Intravenous acetaminophen is not an effective option for reducing opioid consumption after surgical intervention, compared with other analgesic agents, according to study results published in Pain Medicine.
Intravenous acetaminophen is approved for the management of moderate to severe pain with adjunctive opioid analgesics, but limited data are available on the opioid-sparing effect of intravenous acetaminophen after various surgical interventions. The objective of the current systematic review was to determine the opioid-sparing effect of intravenous acetaminophen following various types of surgical intervention.
MEDLINE, PubMed, EMBASE, and the Cochrane Library databases were searched to identify prospective, randomized, double-blind trials of intravenous acetaminophen compared with placebo or active-treatment group in adults undergoing surgery.
Of 512 records identified, 179 full-text articles were assessed for eligibility; after exclusion of studies that failed to meet inclusion criteria, the systematic review included 37 studies with a total of 44 treatment cohorts.
In 14 of 44 (32%) treatment comparisons, acetaminophen produced a statistically significant opioid-sparing effect compared with active- or placebo-control treatments.
A significant reduction in opioid use with intravenous acetaminophen was more common in studies that compared intravenous acetaminophen with placebo (13 of 28 placebo cohorts showed a significant opioid-sparing effect) than in studies that included an active-treatment group (1 of 16 active-control cohorts). The active-control treatments included nonsteroidal anti-inflammatory drugs, metamizole, oral acetaminophen, tramadol, ketamine, or morphine infusion.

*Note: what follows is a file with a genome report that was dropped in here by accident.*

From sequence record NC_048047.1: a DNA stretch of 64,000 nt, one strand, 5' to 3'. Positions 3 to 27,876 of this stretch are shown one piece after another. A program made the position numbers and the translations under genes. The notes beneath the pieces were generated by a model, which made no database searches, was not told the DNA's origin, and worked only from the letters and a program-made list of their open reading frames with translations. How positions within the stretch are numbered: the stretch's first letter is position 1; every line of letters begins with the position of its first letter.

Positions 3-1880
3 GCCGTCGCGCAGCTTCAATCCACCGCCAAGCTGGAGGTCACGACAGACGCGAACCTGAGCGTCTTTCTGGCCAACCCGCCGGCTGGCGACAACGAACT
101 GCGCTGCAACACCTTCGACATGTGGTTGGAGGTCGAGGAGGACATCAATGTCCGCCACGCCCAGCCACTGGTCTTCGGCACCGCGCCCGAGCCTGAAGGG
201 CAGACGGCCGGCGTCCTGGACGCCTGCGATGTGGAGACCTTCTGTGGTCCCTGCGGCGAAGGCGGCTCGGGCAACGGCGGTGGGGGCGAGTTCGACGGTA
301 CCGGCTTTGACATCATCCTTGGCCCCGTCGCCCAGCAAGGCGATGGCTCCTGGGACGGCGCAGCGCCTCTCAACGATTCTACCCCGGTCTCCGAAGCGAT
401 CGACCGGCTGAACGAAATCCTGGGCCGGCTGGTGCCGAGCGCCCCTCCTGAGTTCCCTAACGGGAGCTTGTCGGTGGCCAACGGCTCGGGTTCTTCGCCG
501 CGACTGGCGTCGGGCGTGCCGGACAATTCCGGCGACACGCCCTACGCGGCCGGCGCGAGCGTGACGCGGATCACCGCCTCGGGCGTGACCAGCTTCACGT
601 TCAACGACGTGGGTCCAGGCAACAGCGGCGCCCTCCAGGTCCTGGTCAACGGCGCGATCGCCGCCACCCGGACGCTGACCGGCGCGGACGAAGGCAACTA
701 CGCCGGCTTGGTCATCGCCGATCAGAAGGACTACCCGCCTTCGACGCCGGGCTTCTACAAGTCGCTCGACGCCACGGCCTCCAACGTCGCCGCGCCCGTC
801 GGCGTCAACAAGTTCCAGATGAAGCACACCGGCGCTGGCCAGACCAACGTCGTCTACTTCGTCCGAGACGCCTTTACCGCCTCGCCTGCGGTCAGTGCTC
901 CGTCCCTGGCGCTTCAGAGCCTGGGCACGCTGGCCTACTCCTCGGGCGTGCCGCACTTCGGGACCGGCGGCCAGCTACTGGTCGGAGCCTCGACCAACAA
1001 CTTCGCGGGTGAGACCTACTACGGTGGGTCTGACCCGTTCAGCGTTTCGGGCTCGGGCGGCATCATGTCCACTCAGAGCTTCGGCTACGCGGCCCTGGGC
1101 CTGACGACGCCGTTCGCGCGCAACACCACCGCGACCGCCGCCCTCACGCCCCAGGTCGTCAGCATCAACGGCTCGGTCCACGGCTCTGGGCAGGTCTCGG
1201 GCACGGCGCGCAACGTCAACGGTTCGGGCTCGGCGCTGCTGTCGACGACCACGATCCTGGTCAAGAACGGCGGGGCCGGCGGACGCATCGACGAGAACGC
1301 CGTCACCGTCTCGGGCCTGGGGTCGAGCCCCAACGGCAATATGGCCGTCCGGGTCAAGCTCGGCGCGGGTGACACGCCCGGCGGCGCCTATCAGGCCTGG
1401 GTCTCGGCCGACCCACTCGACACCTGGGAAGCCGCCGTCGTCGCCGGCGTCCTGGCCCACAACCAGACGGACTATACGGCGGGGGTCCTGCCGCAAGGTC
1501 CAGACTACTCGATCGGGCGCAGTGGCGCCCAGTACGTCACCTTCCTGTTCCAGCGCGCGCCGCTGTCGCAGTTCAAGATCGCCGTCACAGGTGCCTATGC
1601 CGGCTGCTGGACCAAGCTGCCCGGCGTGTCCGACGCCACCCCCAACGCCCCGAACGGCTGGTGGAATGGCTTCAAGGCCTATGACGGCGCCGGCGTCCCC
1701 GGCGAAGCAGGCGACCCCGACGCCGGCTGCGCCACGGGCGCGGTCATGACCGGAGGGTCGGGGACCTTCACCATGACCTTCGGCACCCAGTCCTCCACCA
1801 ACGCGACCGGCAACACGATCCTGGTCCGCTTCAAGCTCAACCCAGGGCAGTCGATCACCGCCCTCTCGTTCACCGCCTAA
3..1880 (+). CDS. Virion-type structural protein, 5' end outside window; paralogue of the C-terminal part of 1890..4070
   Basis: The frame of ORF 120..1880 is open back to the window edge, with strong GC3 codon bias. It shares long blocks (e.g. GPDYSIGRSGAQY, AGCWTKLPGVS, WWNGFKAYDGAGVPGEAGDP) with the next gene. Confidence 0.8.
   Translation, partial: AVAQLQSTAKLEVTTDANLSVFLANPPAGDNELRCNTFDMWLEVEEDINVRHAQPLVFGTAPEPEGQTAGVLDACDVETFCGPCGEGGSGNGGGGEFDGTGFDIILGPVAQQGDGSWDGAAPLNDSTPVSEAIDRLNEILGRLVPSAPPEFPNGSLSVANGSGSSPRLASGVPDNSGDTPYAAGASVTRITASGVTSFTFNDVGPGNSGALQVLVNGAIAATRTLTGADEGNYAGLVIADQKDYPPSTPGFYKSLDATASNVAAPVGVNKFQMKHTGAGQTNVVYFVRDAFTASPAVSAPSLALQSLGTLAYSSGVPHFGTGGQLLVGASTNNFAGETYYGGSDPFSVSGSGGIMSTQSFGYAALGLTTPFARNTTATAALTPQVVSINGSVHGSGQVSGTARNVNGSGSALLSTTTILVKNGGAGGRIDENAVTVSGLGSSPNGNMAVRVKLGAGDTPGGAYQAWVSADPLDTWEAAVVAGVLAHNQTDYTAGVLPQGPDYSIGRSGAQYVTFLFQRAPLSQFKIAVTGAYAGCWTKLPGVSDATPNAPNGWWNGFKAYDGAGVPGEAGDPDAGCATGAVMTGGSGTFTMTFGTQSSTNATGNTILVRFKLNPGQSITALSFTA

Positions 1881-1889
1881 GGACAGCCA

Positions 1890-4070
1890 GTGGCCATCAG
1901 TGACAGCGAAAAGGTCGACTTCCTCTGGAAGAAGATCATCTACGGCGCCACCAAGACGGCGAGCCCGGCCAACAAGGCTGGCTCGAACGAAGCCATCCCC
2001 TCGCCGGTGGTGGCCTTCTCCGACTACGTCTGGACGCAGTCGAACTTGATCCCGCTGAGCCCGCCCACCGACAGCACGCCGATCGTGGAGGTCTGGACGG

Intravenous acetaminophen was associated with reduced opioid consumption in 8 of 16 active-control cohorts and with increased opioid consumption in 7 of 16 cohorts.
The opioid-sparing effect of acetaminophen was more common in single-dose cohorts (8 of 18 cohorts, 44%) than in multidose cohorts (6 of 26 cohorts, 23%).
As for pain reduction with intravenous acetaminophen, in 13 of 28 (46%) placebo-controlled trials and in 2 of 16 active-control cohorts, intravenous acetaminophen was associated with a significant pain reduction. However, in 9 active-control cohorts, intravenous acetaminophen was associated with greater pain, and increased opioid consumption was documented in 6 of these cohorts.
The study had several limitations: Among them are the inclusion of studies with limited power to determine the opioid-sparing effect of intravenous acetaminophen, a lack of data on the clinical importance of the statistical differences in opioid consumption in some studies, and inherent heterogeneity in patient populations and surgical techniques.
“The results of this systematic analysis demonstrate that IV [intravenous] acetaminophen is not effective in reducing opioid consumption compared with other adjuvant analgesic agents in the postoperative patient. In patients where other adjuvant analgesic agents are contraindicated, IV acetaminophen may be an option,” concluded the researchers.
Hilleman DE, Malesker MA, Aurit SJ, Morrow L. Evidence for the efficacy of an opioid-sparing effect of intravenous acetaminophen in the surgery patient: a systematic review. Published online August 31, 2020. Pain Med. doi: 10.1093/pm/pnaa256